Tuesday, March 27, 2012

Memories of the old home place

By Larry Timbs Jr.
The “blue house,” as it’s come to be known in the Valley Forge community of Carter County, is now 85 years old.

Built by the late Ed Jenkins who carried the rocks for its foundation and hewed its wood from nearby forests, the aging (but still very livable structure at 1503 Riverview Drive) has been in the Jenkins and Timbs family for all that time.

And the house has served its purposes well.

Babies came into the world here, children played here and grew into adults, and their mother, the late Maude Simerly Jenkins, eventually died here in 1978.

But not before she had lived a full and happy life with her husband Ed, who passed away in 1962, and with their four rambunctious little ones—J.N., Dixie Nadine, Baby Ruth and Nell.

“If only that old house could talk, what stories it could tell!” Dixie Nadine Jenkins Timbs, now 86, reminisced recently.

The house that she remembers always being warm in the winter, with a stove in the living room, and cool in the summer with its high ceilings, was where her brother J.N. and sister Baby Ruth were born.

And it was where the Bible believing, small in stature and but kind and big-hearted Ed Jenkins, a charter member of the nearby Valley Forge Christian Church, always made sure that God stayed front and center in his family’s life.

“Dad often read from the Bible and instilled in all of us a love for our Lord,” said Mrs. Timbs, whose husband of 66 years, Lawrence C. Timbs, died at the age of 90 earlier this year.

“We had a wash tub and this was filled with water pumped out of the well and heated on the wood burning stove in the kitchen,” she recalled. “And we all had a Saturday night bath and put on clean underwear to wear to church on Sunday.”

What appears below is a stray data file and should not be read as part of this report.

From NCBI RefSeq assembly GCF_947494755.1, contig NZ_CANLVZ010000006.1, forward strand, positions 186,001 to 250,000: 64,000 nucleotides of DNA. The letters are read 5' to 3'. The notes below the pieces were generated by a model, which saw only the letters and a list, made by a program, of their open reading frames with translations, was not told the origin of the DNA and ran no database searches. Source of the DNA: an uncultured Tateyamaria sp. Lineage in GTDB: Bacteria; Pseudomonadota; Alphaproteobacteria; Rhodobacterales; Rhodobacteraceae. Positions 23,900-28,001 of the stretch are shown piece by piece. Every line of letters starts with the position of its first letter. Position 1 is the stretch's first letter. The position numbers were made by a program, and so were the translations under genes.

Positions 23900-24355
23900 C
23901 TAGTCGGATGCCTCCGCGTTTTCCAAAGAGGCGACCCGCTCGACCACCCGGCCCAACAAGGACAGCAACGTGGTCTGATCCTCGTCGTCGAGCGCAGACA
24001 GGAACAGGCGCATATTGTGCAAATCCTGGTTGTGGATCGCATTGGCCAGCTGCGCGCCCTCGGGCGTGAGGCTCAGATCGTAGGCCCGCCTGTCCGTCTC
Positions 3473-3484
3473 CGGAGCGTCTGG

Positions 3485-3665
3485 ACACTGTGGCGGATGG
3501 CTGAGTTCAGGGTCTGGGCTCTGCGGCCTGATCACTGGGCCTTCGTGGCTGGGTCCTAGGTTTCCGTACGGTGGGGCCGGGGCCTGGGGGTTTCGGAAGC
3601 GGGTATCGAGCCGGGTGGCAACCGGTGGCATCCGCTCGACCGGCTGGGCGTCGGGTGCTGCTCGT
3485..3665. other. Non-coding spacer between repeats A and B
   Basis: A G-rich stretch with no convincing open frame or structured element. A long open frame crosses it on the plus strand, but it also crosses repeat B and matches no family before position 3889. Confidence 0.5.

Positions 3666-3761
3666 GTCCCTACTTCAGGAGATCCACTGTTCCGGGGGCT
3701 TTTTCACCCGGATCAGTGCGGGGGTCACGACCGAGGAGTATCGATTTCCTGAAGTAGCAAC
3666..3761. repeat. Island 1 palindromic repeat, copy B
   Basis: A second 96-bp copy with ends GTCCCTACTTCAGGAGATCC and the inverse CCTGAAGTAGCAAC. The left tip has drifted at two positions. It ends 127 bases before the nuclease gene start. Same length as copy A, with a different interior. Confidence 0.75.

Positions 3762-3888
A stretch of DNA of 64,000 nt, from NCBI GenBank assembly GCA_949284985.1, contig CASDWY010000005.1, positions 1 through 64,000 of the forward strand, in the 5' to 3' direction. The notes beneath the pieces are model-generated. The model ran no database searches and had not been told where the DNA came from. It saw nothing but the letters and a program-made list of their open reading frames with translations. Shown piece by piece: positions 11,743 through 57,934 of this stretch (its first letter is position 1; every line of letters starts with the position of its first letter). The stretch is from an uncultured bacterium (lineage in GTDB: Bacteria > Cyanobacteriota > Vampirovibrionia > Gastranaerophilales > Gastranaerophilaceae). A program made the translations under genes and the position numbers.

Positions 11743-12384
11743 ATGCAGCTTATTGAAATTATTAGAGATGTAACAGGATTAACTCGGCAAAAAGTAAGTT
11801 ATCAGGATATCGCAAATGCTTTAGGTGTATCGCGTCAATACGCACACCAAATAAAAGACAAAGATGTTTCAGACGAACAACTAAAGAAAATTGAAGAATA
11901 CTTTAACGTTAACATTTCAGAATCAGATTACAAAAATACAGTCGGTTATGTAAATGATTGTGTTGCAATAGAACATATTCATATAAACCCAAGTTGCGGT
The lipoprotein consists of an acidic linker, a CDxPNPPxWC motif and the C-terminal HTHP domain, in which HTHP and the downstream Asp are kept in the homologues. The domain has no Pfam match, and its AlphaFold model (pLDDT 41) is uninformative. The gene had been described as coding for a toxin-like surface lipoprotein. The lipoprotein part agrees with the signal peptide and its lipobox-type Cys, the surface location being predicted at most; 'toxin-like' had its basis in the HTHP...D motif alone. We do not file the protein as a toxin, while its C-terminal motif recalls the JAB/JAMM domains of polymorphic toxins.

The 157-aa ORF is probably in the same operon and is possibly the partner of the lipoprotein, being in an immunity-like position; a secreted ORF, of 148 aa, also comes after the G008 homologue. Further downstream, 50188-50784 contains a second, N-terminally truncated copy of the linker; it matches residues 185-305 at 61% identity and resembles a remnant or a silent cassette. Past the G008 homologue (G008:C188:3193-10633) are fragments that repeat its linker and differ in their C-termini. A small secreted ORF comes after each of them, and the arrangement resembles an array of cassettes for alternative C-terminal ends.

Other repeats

A lot of times in those growing up years, the family would come home from church to a delicious meal. And frequently the church’s preacher would join them in partaking of fried chicken, mashed potatoes, pickles, corn, green beans and homemade bread. For dessert, they’d have cake and canned peaches.

“Often our minister would come home with us after church,” Mrs. Timbs notes. “Of course, all the children had to wait till the adults had eaten before we could eat. The good pieces of chicken were all gone by the time we got to eat. . . However, we never went away from our table hungry.”

Even in tough times, Ed and Maude Jenkins’ family had plenty to eat. That’s because on their nine acres of land (stretching from Doe River to Siam Road) they raised chickens and hogs, had a milk cow, grew lots of vegetables and picked apples, strawberries, cherries and blackberries.

A grape vine a few feet from the foundation of the house (and still thriving today) ensured that Maude Jenkins would always be able to can a good supply of jelly.

And boy, did that grape jelly ever taste good on Maude’s hot biscuits!

She cooked a big breakfast every morning, and if the “blue house” could talk today, it would boast that some of the most delightfully delicious gravy and biscuits ever came from its kitchen. Ham or sausage and hot coffee or fresh milk rounded out the meal.

And if J.N., Dixie Nadine, Baby Ruth and Nell even thought about getting out of hand, their gentle but stern father reined them in. He and his wife stressed good manners.

At the table, for example, the four children would pass their plates, and their mother or father would dish the food out to them.

“We never helped ourselves,” Dixie Nadine remembers. “And we couldn’t laugh or talk at the table unless spoken to.”
She also recalls that she and her sisters and brother had a certain place each sat at, and they didn’t eat between meals.
Always looking ahead, the Jenkins family would wash and put away the dishes immediately after eating and set the table, with a big white cloth, for the next meal.